Reducing penalty rates on Sunday may see more jobs in hospitality.
Reducing penalty rates on Sunday may see more jobs in hospitality. Contributed

650 Northern Rivers jobs at risk over penalty rates

HOSPITALITY jobs in the Northern Rivers could increase by more than 26% if Sunday rates were the same as Saturday rates, data from industry employer representatives shows.

Restaurant and Catering Australia paid Jetty Research to conduct a 2015 survey of 1,000 restaurant and cafe owners across Australia that found businesses would employ an extra 3.15 staff on weekends if Sunday rates were the same as Saturday rates.

Combining survey results with data Bugseye Consulting compiled from the Australian Bureau of Statistics, R&CA predicted that an extra 434 hospitality jobs could be created in the NSW federal electorate of Richmond (home to popular hospitality and tourism hotspot, Byron Bay) and an extra 229 in Page if weekend rates were streamlined.

Over half - 52% - of hospitality employers surveyed said they would hire extra staff if Sunday rates were the same as Saturday rates and 62% said they would invest in training.

Extra hours for the underemployed

Less than half - 41% - of business representatives said they would open longer under revised penalty rates but survey results found an average of 5.07 extra trading hours per business would be offered.

The extra trading time accounted for the suggested extra staffing opportunities and an averaged 1.5 hours of extra Sunday work for existing part-time or casual hospitality workers.

Mr Hart referred to underemployment data from the Australian Bureau of Statistics that found underemployed workers sought, on average, an extra 13.5 hours of work per week.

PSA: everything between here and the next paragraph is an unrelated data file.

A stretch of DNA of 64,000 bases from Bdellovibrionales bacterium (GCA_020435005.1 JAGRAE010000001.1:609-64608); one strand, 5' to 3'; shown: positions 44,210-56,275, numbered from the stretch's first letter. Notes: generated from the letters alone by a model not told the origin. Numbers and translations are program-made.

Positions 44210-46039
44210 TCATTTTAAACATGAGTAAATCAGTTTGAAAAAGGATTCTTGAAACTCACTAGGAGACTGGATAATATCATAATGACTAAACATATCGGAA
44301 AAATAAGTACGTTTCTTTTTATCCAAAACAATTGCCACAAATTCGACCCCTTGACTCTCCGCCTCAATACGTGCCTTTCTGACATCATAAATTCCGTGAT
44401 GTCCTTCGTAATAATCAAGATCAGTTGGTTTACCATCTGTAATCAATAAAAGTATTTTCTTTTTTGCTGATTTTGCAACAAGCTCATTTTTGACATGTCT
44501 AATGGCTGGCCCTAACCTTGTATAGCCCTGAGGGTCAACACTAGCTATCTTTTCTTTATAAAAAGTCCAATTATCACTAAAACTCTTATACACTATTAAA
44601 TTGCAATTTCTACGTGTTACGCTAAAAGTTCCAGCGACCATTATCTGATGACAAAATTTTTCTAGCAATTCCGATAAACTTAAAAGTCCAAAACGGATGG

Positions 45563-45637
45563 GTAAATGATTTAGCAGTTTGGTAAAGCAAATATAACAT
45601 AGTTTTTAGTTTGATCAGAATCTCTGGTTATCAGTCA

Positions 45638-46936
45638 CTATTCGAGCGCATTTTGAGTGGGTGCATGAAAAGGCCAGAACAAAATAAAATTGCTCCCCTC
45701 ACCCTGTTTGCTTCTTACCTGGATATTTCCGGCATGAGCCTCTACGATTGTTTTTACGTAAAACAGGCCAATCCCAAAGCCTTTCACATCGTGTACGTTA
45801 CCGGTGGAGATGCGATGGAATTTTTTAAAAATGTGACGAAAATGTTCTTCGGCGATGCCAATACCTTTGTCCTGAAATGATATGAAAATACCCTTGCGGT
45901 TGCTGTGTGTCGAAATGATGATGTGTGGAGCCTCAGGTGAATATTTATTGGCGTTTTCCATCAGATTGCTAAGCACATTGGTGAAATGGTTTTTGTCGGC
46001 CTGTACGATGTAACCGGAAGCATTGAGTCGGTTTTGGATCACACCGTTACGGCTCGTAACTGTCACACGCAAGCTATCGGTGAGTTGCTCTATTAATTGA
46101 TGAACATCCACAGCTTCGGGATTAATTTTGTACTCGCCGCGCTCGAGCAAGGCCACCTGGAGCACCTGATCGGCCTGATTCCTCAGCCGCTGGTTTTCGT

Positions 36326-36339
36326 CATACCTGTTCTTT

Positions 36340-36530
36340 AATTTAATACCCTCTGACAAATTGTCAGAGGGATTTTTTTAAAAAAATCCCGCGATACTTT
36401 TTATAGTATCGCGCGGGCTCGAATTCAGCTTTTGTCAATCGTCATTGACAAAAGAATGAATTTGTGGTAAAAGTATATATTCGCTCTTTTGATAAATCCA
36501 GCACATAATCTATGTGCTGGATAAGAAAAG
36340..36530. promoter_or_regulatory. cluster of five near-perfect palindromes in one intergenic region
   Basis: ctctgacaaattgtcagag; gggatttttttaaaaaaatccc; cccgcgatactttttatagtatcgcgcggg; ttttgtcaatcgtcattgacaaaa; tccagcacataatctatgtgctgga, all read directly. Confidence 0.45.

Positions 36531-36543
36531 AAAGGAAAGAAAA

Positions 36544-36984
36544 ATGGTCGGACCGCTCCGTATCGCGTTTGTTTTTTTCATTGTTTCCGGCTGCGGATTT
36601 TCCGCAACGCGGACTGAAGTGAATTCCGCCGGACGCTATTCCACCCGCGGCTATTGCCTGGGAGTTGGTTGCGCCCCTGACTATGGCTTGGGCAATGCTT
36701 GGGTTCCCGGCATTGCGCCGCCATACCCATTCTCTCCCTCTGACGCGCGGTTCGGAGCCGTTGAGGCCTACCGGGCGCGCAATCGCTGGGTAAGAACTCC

"Around 34 per cent of underemployed part-time workers aged 15-19 had experienced insufficient work for one year or more; this was compared to 56 per cent aged 45 years and over," said ABS Program Manager of Labour and Income Branch Jacqui Jones.

The ABS Participation, Job Search and Mobility Survey was compiled in February 2016 and released in early November.

"Held back" by 19th century wages approach: business chamber

"Some businesses in the Northern Rivers cannot afford to keep their doors open on Sundays, which means visitors cannot spend money and local workers miss out on work," said Acting Northern Rivers Business Chamber Chief Kellon Beard.

"This can have a devastating effect on our local economy.

"Reducing penalty rates on Sundays in the retail, restaurant and hospitality sectors will enable more businesses to open their doors on weekends, which means they have a greater opportunity to grow their business and employ more people.

"It's time we had a mature debate about the community's expectation of our hospitality industry.

"Customers expect near 24/7 service in a 21st century economy, but small business owners are being held back by a 19th century approach to wages."

R&CA chief a "shameless promoter" for bosses: union

"Cutting penalty rates will simply transfer money directly from the pocket of people working Sundays to their bosses," said NSW United Voice Liquor and Hospitality Secretary Tara Moriarty.

"The Restaurant and Catering Association's latest rhetoric is both self-serving and dishonest.

"The R&CA itself has said fewer than half of restaurants pay the appropriate rates of pay as it is.

"John Hart is a shameless promoter of the interests of restaurant owners, he should stop pretending to speak on behalf of anyone else."

Last week United Voice issued a statement calling on employers to commit to existing rates "regardless of any decision by the Fair Work Commission in the protracted weekend penalty rates case".

"Not about abolishing penalty rates": R&CA CEO

Restaurant and Catering Australia Chief John Hart said "workers deserve to be compensated for working unsociable hours" but wanted Sunday penalty rates to fall in line with Saturday rates for workers covered by two federal awards: the Restaurant Industry Award and Fast Food Industry Award.

The Hospitality Industry Award, another key federal award, was not included in Mr Hart's renewed call for reform.

"This is not about abolishing penalty rates," he said.

"It is about reducing the penalty on Sundays only to create jobs."

"We need to balance the interests of existing workers with the need to create more jobs and more work for people who want it.

"The Fair Work Commission has the responsibility to both groups of Australians."



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